To the editor: I’ve just been reading Nigel Calder’s article titled Battery revolution (Issue #192, March/April 2011). For the particular application he is interested in, i.e. dockside or fossil fuel, recharging sources where high charging currents are available, high charge acceptance rate (CAR) batteries make lots of sense. However, they do not make sense to those of us who are long-distance cruisers trying to avoid visits both to marinas and to fuel docks. CAR is of no consequence if you are trying to build a green boat, since our charging sources are low-current output with long time spans. In a green world, efficiency is the holy grail, not CAR. The problem he failed to mention is that high-charge and discharge currents are the cause of the inefficiencies he describes. Reading the manufacturer’s literature, it is clear that at much lower currents, the charge and discharge efficiency of standard lead-acid technology is much higher. Furthermore, if you design your solar and wind energy sources to be greater than the daily load plus the losses, then you charge to 100 percent each day and do not suffer the shortened battery life of the 50-80 cycle regimen. No equalization is required. Thus less expensive traditional wet cells along with plenty of solar panels are still the way to go for the green cruiser.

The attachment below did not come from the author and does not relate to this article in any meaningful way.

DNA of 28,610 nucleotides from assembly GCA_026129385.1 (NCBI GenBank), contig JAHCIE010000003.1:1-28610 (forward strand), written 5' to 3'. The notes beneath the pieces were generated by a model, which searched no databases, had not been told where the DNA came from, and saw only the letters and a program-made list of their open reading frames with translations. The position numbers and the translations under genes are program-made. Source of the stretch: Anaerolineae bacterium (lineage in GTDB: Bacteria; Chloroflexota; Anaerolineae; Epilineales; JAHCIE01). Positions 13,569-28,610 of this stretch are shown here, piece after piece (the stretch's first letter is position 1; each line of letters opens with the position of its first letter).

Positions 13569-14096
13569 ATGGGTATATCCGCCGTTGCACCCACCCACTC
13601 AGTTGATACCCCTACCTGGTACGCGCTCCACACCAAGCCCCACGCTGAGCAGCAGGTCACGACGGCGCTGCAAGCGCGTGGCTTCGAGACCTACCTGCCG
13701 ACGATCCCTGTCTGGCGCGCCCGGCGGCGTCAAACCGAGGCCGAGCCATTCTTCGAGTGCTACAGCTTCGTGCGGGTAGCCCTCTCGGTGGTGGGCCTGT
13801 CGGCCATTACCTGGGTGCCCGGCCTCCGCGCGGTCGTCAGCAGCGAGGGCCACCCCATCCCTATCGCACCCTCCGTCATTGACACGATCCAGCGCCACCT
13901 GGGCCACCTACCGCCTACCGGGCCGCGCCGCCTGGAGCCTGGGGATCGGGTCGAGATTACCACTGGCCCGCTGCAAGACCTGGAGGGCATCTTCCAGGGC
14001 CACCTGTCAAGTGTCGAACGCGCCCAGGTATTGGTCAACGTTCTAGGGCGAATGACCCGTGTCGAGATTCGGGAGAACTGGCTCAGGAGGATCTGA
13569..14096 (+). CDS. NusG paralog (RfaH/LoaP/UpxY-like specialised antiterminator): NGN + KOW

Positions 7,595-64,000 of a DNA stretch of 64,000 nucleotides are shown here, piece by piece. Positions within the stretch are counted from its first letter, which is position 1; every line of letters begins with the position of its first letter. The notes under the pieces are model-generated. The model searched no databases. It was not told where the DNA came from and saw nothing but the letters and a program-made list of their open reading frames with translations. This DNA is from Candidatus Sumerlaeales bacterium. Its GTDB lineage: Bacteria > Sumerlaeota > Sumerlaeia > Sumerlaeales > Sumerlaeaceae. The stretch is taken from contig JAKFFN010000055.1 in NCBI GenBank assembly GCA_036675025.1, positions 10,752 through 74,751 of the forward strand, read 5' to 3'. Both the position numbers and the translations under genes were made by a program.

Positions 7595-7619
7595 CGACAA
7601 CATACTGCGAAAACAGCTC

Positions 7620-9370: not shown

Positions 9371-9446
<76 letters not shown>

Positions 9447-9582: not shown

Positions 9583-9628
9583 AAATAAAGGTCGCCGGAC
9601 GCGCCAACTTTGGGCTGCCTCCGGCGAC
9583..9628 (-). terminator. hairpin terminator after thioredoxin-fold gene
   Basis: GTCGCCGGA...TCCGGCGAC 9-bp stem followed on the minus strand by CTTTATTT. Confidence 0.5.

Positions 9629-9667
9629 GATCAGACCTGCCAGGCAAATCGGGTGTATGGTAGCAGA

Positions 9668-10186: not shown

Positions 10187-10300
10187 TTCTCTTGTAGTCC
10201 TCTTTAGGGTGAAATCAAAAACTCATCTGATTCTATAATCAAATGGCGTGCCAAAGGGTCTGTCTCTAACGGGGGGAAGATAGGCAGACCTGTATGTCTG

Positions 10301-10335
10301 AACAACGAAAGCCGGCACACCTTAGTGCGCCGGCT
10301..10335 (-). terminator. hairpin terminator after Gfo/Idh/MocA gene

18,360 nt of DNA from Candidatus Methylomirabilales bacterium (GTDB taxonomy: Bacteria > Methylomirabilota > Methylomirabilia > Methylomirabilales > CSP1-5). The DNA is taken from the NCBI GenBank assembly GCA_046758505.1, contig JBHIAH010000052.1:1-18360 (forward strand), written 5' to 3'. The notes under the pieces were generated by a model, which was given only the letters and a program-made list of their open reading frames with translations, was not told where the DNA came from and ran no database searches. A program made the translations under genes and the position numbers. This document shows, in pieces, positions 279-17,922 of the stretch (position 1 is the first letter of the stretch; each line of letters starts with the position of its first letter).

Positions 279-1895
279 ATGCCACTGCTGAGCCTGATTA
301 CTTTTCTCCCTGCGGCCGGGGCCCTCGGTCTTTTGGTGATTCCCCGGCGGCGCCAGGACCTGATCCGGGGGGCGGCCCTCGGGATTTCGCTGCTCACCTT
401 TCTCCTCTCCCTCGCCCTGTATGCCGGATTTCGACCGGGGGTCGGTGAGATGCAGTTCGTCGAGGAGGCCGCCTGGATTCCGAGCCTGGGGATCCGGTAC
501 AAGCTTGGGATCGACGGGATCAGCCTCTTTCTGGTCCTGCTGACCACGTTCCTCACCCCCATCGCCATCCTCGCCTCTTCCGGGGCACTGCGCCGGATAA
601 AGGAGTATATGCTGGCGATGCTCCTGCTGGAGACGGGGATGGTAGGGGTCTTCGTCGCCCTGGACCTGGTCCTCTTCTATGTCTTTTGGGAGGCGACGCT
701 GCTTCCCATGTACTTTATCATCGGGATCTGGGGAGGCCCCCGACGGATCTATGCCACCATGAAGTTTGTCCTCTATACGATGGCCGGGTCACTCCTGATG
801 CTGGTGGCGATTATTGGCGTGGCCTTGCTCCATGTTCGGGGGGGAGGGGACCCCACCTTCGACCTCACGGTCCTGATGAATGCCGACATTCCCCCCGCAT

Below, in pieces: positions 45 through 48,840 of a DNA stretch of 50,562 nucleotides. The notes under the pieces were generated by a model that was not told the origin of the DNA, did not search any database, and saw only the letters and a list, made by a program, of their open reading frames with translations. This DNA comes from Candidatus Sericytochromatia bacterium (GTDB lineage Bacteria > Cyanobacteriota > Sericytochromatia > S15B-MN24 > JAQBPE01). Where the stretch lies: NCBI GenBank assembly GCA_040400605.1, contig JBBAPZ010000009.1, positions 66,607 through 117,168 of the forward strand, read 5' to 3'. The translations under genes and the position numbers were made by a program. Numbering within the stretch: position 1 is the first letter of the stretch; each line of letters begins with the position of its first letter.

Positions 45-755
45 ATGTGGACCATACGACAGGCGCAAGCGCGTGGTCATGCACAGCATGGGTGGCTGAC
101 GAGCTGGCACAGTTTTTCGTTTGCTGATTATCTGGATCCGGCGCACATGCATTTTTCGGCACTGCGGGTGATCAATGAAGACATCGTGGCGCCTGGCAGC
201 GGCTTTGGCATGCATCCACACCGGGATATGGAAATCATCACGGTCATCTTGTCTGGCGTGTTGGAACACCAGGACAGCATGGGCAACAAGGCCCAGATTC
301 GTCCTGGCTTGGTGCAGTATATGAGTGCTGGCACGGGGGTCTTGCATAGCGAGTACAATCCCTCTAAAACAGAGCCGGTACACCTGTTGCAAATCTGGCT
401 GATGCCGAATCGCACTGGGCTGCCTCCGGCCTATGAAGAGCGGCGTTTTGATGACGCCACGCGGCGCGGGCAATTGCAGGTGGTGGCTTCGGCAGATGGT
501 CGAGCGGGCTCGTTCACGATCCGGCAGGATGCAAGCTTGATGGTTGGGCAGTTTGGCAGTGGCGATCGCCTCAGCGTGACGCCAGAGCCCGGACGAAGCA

—A former electrical engineer, an active pilot and a lifetime sailor, Charlie Freeman and his family live aboard their 1988 Tayana 37 cutter Kamaloha. They are currently in Curacao.
Nigel Calder responds: Other than catamarans, very few cruising boats have anywhere near sufficient solar and wind power to keep up with the house loads, and as a result most spend long hours running their engines at anchor to charge batteries (it is not unusual to run engines or generators two to three hours a day). High-charge rate batteries, especially when coupled to high-output alternators or, in the case of generators, powerful battery chargers, are particularly appropriate in this scenario as they substantially increase the average charge rate into the batteries with a concomitant reduction in engine run hours. In fact, when battery charging at anchor using an engine as the power source, the reduction in engine run hours is directly proportional to the increase in the average charge rate. Of course, if the boat has enough solar and wind to keep up with the house loads, then Charlie is correct.